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what's the lowest amount you should spend for a road bike?(13 posts)

what's the lowest amount you should spend for a road bike?blehargh
Jun 1, 2001 2:34 AM
i guess i know that right around 4-500 is the very very bottom of what you should spend for a mtn bike. but what's the lowest price you want to spend for a road bike?
re: what's the lowest amount you should spend for a road bike?Jz
Jun 1, 2001 3:33 AM
I love questions that are completely unanswerable :> When I was shopping around for my first road bike about 6 months ago, a lot of the shop guys told me that you cannot get a quality roadbike for under 1g. I found this to be somewhat true, and somewhat false...just depends. Personally, I am a lot heavier and very hard on bikes in general, so I didn't feel comfortable with a lot of the $500ish road bikes I had taken a look at. On the other hand, I didn't have 1k and I didn't want to buy a used bike because I really wanted a warranty and a proper fit for my first road bike. My solution? I got a last year model Trek 2000 for about the same price I could have got the current, and much uglier 1000 model for. While this may not be an option right now, I will say this: I felt I got a good bike for the money I put out, but there are a number of things about it I feel could warrant an upgrade even for a rider at my level. I guess from my experience, 1k really is about the lowest you wanna go...but I seriously think you need to evaluate what you are gonna use the bike for. A lot of people would be perfectly happy with a $500-600 bike, and never even give a second thought to upgrades. Other people will find the need to fine tune things a little more, and upgrade here and there...I have found that in these cases you are usually better off going for what you wanted in the first place, seems cheaper in the end.

Just a thought
re: what's the lowest amount you should spend for a road bike?tigercoach
Jun 1, 2001 4:13 AM
I'd have to agree that the question is kinda unanswerable. It depends on what you want. If you want a warranty and all the other things that come with a bike, you should think about $600 and up probably. If you don't have a problem with a used bike, you could get a decent one for $400 or so..maybe even less if you look hard enough. Personally, if you're starting out, I would suggest a used bike. Sure, you don't get the warranty, but at least you're not spending as much money for something that may end up sitting in your garage or house looking pretty. If you find you enjoy road biking a lot, then you can think about either upgrading what you have or buying a new bike in a year or two. I've known plenty of people to buy a used bike and use it for years cuz they like it so much. I ended up buying a used bike when I started out, and once I realized I would continue riding I went ahead and bought a new one and sold the old one. Like I said, it depends on what you want.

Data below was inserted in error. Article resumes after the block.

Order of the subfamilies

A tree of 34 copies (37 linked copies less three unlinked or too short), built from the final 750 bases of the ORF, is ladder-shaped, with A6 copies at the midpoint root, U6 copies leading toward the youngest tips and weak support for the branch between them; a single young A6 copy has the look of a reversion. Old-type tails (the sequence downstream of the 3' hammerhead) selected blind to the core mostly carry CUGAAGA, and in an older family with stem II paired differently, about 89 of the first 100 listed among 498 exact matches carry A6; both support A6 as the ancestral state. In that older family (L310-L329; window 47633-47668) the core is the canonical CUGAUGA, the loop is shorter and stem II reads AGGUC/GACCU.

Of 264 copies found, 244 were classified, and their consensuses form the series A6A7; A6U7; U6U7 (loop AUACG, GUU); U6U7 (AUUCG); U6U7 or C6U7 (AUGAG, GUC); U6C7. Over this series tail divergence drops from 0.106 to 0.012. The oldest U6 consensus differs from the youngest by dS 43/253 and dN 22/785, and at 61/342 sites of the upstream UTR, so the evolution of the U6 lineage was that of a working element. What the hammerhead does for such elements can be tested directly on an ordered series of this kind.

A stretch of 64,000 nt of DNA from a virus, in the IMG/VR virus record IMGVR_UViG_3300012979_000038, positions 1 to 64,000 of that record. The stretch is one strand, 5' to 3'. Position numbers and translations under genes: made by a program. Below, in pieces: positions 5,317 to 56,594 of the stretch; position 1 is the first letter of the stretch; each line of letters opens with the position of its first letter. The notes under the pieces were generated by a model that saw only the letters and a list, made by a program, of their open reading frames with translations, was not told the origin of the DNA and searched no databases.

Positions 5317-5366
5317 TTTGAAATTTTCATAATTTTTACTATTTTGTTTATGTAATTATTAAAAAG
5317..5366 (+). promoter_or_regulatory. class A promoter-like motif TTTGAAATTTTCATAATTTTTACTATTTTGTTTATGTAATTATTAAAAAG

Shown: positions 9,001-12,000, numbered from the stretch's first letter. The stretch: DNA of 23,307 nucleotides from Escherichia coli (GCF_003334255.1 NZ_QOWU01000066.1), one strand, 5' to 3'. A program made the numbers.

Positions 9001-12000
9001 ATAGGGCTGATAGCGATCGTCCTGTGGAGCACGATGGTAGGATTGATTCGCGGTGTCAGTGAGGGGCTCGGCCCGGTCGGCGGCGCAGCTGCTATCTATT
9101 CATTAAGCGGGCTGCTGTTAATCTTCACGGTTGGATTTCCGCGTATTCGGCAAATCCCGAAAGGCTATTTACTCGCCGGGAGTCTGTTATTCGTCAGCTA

free is bestmr. cheap
Jun 1, 2001 8:45 AM
~ $800 ??Breck
Jun 1, 2001 9:03 AM
i visit a lot of lbs's including the supers from about long beach south to san diego, california. if were buying an off-the-shelf bike this looks about right price-line with the latest gear(before tax here in california of course!). there's mail order too but not recommended if you don't know exactly what you want. you will have to visit different stores for diff brands of course just like mtb.

having both a mountain and road bike it imho may be now-a-days sim to 4wd(mountain) truck and standard(car) options. because of the mtb suspension and gear shift options, etc, for the 4wd vs and the much less options for road it is a little easier to sort out what you need and don't need. my $800 observation is specialized road with ultegra sti gruppo and nice wheel set. there's trek, cannondale, and others for trade offs and not specifying brand or gruppo lest i get flamed and have ridden all of the above campy and shimano as all my buds have diff rides & we trade sometimes, etc. even if we don't have the same frame size, though pedal options can be a problemo. hmmm, nobody's made a cleat-to-cleat conversion for test rides? i have a look tri running shoe adapter but don't like it.